Nicole Buisson, chief customer officer at Open, one of Australia’s leading digital-only insurers and insurtech developers, has called on established insurers to further their investment in and development of APIs, enabling their products to be seamlessly embedded in partner organisations “where customers want to buy it”.
Speaking at FST’s Future of Insurance 2022 event, Buisson said such API-enabled partnerships not only give insurers access to a potentially untapped consumer market, but also enable them to plug into new data streams, including ‘open data’, that can enrich and accelerate customer experiences.
Considered one of the fundamental building blocks of Open’s business, APIs – which she notes can effectively bypass legacy technologies – are enabling insurers to tap into new, open data streams that can “pull quote flows” to deliver better and faster decisioning.
Open, which alongside its customer-facing brand Huddle, also offers “embedded”, white-label insurance products through its partners.
The insurtech has secured partnerships with Telstra, EnergyAustralia, health insurer ahm, and vehicle insurer Plenti. Offering primarily car and home insurance products, Open is underwritten by Hollard.
Citing a recent EY report, she noted that two out of every three consumers are now willing to consider a financial services product offered by a non-financial services company.
According to Buisson, these partnerships now represent around half of Open’s business today.
She noted the quid pro quo possibilities enabled through these partnerships – particularly in the exchange of data to deliver value-added customer services.
“We partner with the Telstra Plus program to sell our Huddle [branded] insurance, which enables people who buy [our products] to collect reward points.
“We believe that utilities, including telcos and energy providers, are really good places to sell insurance. People have to buy all of these products every year, and it’s possible to put them all on one bill.”
For customers, they benefit by gaining access to insurance “at the right place and at the right time when [they] need it”, Buisson said. Yet, by also tapping into the “right digital flow” and “leveraging data” between services, insurers can improve and further personalise services, including, for instance, an emerging capability to adjust their prices to meet real-time demand.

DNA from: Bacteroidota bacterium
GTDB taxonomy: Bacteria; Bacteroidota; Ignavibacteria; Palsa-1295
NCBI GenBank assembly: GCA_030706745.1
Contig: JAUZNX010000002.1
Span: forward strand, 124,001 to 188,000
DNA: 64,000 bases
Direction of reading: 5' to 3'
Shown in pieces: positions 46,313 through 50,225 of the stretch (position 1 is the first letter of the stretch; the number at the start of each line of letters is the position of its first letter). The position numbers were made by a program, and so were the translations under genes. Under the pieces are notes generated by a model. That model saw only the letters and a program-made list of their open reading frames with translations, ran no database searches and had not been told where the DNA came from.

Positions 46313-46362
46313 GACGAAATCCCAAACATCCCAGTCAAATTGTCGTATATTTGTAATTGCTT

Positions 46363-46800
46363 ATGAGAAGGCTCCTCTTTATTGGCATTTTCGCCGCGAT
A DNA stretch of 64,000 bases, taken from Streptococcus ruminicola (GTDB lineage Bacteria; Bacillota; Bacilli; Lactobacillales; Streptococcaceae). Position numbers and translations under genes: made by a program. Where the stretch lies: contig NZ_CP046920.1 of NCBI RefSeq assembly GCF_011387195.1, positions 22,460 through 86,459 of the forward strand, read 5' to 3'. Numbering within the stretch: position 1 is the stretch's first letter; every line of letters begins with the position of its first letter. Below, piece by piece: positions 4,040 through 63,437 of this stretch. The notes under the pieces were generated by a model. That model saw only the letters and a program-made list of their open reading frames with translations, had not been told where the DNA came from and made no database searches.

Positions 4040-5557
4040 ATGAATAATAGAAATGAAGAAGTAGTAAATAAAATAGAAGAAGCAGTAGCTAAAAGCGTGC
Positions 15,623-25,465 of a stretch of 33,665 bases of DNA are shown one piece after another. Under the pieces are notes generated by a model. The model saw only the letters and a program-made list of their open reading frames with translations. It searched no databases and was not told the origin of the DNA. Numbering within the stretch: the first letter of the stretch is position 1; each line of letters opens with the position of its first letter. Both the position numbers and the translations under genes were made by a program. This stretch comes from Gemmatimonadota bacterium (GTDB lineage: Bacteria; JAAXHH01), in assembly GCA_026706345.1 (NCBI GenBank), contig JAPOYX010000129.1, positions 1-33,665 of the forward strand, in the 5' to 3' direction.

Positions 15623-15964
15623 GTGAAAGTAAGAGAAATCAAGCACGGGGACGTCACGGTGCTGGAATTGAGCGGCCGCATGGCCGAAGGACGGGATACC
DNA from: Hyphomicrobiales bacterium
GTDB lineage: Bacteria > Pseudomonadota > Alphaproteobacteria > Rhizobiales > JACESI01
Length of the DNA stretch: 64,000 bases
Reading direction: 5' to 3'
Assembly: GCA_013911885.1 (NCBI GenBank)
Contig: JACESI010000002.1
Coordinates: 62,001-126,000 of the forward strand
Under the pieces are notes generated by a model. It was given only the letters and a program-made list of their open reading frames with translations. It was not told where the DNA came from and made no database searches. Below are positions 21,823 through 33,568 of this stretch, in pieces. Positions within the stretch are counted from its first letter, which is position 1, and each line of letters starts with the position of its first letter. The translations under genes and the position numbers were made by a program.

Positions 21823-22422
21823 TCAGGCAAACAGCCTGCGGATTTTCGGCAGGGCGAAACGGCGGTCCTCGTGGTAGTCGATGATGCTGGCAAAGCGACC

And for partners, they benefit by gaining a new revenue stream.
“When you think about a telco business, it’s quite competitive at the moment, so they’re interested in new revenue streams.
“They’re also interested in providing new, interesting products to their customers. And then finally, there’s a churn benefit as well – the more products obviously that a customer has, the more that churn reduces.”
What to look for in a partner?
Buisson noted a number of key criteria for insurers to look for from partner organisations offering their products:
- A strong customer base: Understand who your partner’s customers are, because “you need people to actually sell to!”
- Marketing capability: “This very important,” Buisson said, insurance after all “doesn’t sell itself”. “We like to make sure that anyone we’re partnering with is investing in that marketing, and our teams work very closely with partners on that marketing.”
- Position product where insurance is relevant: “We’re very keen on car finance flows or mortgage finance flows, places where customers need insurance to close out finance, for example.”
- Integration and a ‘digital mindset’: Digital-native partners that are able to integrate with APIs. And leveraging the value-added possibilities of data.
- Corporate responsibility: “At Open, we’re always interested in partnering with people that are aligned with ESG and B Corp values”.